What is shock wave lithotripsy?
SWL revolutionized the treatment of kidney stones in the 1980s, and its use has become increasingly common as standard-of-care in a number of clinical situations related to ureteral or renal calculi. One of the first commonly used shock wave generators was The Dornier HM3 which comprised a shockwave generator, large water bath, fluoroscopic imaging and ellipsoid reflectors. Since then, different types of shock wave generators have evolved. Currently, there are three main types; piezoelectric, electrohydraulic, and electromagnetic.

SWL uses large acoustic shock waves which are generated outside the patient’s body and then focused on the stones within the body. Due to a high focusing gain, lithotripters typically produce minimal damage to surrounding tissues by subjecting only the stones to high pressure. Furthermore, the use of fluoroscopic imaging allows practitioners to align the shockwave path with the stones, and focusing is achieved using ellipsoid reflectors.

The amplitude of the shockwaves used in the treatment are often in the range of tens of megapascals and they last for a few microseconds. The shockwaves are intended to break down the stones into smaller-sized pieces that can be easily passed out of the body through the patient’s urine. For some patients, more than one session may be required.

Shock wave lithotripsy 3D illustration. medicalstocks / Shutterstock
Shock wave lithotripsy 3D illustration. medicalstocks / Shutterstock
Safety of shock wave lithotripsy
The use of SWL is not advised in pregnant women or in patients with specific medical conditions such as non-functional kidneys, urinary tract infections, uncontrolled high blood pressure, obstruction of the stone path, and bleeding disorders which impair the blood’s ability to coagulate. Stone location, stone size, and overall stone burden are other factors that must be investigated before the use of SWL.

Other factors that can affect SWL safety and success include obesity, which increases the distance from skin to stone; stone composition; and stone density.

Even in patients without serious pre-existing medication conditions, certain considerations need to kept in mind to ensure the safety of SWL. For example, it is important to reduce the amount of damage to the surrounding organs. Therefore, practitioners need to ensure that they set the device for the shock rate to be just high enough to be optimally effective without increasing the number of sessions. This will mean a reduced number of shocks per minute, reducing the chances of parenchymal damage to the organ.


What are the side effects of shock wave lithotripsy?
Like all medical procedures, SWL may be associated with a range of side effects depending on the position and size of the patient’s stones.

Tissue damage
Despite the best attempts to reduce the amount of damage to the tissue surrounding the stone, it may not be completely avoidable. In SWL, this damage is most in the form of trauma localized to the area around the treatment target. Most of the literature investigating tissue damage understandably focuses on the effects on the kidneys. However, later research has found that areas further afield may be affected. For example, findings have shown that rupture of the spleen, liver, and abdominal aorta may occur besides perforation of the colon.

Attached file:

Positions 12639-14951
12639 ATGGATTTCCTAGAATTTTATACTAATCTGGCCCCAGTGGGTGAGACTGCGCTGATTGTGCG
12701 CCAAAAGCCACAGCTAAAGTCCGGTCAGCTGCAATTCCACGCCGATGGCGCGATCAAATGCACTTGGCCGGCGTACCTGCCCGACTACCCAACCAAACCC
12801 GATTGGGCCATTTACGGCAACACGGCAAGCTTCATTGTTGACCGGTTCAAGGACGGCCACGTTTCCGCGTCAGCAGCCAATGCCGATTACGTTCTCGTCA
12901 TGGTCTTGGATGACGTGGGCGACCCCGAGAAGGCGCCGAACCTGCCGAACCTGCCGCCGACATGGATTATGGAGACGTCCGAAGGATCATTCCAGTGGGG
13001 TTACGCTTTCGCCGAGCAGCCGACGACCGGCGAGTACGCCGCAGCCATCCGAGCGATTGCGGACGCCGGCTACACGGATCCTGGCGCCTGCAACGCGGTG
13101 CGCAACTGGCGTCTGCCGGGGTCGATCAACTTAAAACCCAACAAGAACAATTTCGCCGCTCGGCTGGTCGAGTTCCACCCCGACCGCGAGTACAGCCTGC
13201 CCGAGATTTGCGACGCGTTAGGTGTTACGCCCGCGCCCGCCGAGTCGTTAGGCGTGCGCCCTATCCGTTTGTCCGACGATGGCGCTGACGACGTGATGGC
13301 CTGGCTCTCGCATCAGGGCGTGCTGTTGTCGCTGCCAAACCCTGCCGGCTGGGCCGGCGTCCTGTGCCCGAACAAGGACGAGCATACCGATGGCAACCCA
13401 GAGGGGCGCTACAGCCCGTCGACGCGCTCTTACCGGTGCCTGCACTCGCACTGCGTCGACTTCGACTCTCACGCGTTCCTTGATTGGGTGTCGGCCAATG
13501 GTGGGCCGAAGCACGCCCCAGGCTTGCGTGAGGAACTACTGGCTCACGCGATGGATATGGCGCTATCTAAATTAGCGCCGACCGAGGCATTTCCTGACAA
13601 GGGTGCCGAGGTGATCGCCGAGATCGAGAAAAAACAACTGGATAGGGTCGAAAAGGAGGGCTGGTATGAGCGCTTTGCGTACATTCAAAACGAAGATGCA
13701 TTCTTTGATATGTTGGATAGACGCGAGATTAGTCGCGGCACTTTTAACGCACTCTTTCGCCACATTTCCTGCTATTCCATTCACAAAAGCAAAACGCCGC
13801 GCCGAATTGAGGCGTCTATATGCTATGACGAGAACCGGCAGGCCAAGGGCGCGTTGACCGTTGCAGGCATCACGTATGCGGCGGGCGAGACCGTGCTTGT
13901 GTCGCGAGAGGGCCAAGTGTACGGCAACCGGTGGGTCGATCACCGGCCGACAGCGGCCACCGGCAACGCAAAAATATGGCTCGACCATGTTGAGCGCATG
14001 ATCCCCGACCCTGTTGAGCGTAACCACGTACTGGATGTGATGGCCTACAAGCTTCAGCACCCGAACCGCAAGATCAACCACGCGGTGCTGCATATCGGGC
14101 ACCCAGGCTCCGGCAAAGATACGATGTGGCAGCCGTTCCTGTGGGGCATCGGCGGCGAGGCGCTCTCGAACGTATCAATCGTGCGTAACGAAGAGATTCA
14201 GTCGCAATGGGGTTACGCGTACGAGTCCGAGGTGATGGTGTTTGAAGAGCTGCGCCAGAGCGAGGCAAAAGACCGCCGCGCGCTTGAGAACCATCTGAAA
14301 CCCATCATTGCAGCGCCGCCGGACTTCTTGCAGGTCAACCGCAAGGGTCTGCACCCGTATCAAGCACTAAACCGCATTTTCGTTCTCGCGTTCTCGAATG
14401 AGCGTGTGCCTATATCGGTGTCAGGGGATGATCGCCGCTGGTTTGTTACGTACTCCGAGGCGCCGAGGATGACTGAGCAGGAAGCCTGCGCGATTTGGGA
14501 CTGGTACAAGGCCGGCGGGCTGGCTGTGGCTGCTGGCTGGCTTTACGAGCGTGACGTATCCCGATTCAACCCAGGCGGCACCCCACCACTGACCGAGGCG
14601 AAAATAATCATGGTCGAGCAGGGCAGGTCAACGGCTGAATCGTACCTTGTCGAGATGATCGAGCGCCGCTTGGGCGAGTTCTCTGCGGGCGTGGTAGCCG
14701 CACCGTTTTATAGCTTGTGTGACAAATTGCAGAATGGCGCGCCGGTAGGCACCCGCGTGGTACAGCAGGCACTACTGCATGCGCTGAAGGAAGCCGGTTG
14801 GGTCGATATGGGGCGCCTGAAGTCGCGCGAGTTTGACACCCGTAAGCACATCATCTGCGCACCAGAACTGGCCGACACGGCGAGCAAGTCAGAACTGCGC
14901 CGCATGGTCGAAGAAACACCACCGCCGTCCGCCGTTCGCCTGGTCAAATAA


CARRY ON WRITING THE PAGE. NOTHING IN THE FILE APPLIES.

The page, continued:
It has been reported that the majority of patients who undergo SWL will experience the passage of blood in the urine, otherwise known as hematuria. As the occurrence of hematuria is so commonly experienced, most consider it to be an incidental finding. In fact, some experts even consider the presence of some blood in the urine to be an indication of the correct alignment of the shockwaves with the kidney.

During SWL, a cavitation bubble collapses to exert force on the target stones. This can cause damage to the blood vessels within the kidney and result in microhemorrhage. This, in turn, may lead to the passage of bacteria present inside the stones or in urine into the bloodstream, in turn causing infections such as sepsis and urinary tract infections. The former is quite rare, while urinary infections are also more common in the presence of other risk factors like a staghorn calculus or instrumentation along with the SWL.

Incomplete fragmentation and obstruction
SWL typically aims to break stones into smaller-sized fragments that can be passed out of the body. Sometimes the procedure may not be completely successful and results in partial fragmentation of the stone. This can be corrected by repeating the procedure after a while. However, partial fragmentation may cause pieces of the stone to block the ureter, which may require additional medical attention.

Shock wave lithotripsy has become one of the most popular non-invasive treatment methods for stones within the body. However, like many procedures, there is a range of safety precautions and side effects that should be communicated with patients.


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